The Sophia Project founded on shared dreams.

Nicholas Ojwando and Maryam Mostajir met through an online course in social impact leadership with Philanthropy University in 2015. Philanthropy University offers an opportunity for interaction and collaboration among students from all over the world to accelerate meaningful social impact with the right skills and approach in making the world a better place.

Through the University assignment peer reviews and team work platforms, Nicholas reached out to Maryam for their shared passion for helping children and women in difficult situations. They realised that they could make a great partnership and positively impact the lives of the most at risk youth and vulnerable children and women in Nicholas’ hometown, Pap Onditi, in Kisumu Kenya. That is how the project was founded.

Nicholas Otieno Ojwando 


As a child who lost his father at a very early age in Kenya, Nicholas Otieno Ojwando is no stranger to hardships and tribulations.  At age 2, his father passed away. He witnessed the struggles of his widowed mother (Sophia); attempting to provide for 6 children through manual labour, running small businesses even if it meant distilling illegal local brew which sometimes led to her arrest and spending time in police cell.

Nicholas could easily have become one of the 1,000’s of vulnerable children who roam the streets, forage thru garbage dumpsites for food or become entrapped into child slavery.  He is the exception.  Self-determination and strong family environment helped him to complete college.  He was fortunate to work with both local and international organizations that provided social support and economic empowerment to vulnerable children and women both in Kenya and in South Sudan. Through this work experience, he has become a strong advocate for the cause.

The idea of starting such a social venture as a way of giving back to the community has been there with him for over 15 years. He started supporting few needy children in his own efforts on a very small scale access secondary education through his own and family resources from his village in 2008.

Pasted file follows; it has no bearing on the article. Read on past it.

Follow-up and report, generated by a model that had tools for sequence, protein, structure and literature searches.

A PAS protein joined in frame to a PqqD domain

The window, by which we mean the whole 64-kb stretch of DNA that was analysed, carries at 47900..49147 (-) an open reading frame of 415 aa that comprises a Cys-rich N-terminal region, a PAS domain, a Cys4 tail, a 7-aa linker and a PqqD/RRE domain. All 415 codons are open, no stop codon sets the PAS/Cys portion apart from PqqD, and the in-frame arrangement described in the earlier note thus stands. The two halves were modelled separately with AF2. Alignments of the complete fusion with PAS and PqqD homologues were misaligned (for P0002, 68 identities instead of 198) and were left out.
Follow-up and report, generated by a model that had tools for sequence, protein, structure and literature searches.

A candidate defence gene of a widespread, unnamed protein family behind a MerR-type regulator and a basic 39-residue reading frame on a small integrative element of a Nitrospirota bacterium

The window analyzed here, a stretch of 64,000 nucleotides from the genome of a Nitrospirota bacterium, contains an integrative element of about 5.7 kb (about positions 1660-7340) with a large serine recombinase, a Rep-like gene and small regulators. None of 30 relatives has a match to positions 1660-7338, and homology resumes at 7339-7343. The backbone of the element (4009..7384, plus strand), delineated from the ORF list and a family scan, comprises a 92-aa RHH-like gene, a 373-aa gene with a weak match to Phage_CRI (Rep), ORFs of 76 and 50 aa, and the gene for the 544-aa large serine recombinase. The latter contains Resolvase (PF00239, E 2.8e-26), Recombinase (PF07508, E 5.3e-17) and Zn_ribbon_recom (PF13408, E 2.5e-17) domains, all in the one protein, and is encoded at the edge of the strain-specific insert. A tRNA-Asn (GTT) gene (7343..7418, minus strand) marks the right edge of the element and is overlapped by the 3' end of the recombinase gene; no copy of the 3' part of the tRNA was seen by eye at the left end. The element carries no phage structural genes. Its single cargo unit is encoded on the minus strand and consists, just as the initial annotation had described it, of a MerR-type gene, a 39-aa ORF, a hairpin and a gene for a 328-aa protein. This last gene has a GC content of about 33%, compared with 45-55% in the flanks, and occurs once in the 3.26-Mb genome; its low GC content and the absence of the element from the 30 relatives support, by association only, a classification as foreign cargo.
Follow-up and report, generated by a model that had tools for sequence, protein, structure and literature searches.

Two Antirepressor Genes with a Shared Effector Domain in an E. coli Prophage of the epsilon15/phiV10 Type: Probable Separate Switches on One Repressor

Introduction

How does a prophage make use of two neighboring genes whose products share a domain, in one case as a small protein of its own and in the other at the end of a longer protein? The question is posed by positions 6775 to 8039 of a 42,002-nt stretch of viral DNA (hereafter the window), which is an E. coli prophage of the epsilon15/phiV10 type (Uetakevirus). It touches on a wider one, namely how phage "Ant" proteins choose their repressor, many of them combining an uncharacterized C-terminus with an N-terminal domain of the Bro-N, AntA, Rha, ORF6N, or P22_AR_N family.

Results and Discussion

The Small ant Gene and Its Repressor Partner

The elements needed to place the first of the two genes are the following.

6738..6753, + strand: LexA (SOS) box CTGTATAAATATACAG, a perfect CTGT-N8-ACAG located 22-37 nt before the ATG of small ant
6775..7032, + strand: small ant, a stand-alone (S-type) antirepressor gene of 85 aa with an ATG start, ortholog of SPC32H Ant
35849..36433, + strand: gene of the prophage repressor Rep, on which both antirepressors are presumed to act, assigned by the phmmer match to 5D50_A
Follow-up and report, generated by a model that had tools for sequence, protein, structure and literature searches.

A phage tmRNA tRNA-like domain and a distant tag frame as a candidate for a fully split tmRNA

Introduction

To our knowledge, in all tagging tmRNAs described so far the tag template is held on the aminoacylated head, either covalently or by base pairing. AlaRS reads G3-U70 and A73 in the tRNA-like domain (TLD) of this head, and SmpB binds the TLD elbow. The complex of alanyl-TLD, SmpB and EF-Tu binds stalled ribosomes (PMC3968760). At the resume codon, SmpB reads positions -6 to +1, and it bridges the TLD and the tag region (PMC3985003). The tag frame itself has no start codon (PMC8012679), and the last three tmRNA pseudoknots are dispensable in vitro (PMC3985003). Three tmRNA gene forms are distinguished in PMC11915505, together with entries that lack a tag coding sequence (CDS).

Through the struggle of his mother, the founder recognized the central role women play in the development and upbringing of the children in the community. Their daily struggle in engaging in small business ventures to generate income for the family is a test to this.

After his last assignment in South Sudan in 2013 working with refugees and internally displaced persons (IDPs) on social protection and livelihoods ventures he decided to find his own path and follow his heart and returned to his home rural village in 2014. He wanted to start a social venture that would improve the lives of vulnerable children and women in his community.

Upon his return, he made regular contact with his community members and especially women to get a feel of their daily struggles in supporting their families, their success stories and the challenges they are facing. He found out that many women have no steady sources of income but a daily struggle in trying to provide for their families. They mostly depend on casual labor like attending to garden but due to low economic activities in the area, such jobs are very limited. While some depends on small scale business, like selling local brew, selling vegetables, shops others are fetching water for others. This has direct negative impact on children in accessing the most basic needs like education, health care, clothing, shelter and denies them the opportunity for a better life in future.

His goal is to see a more sustainable and empowered communities through his social venture, called “The Sophia Project (TSP)”.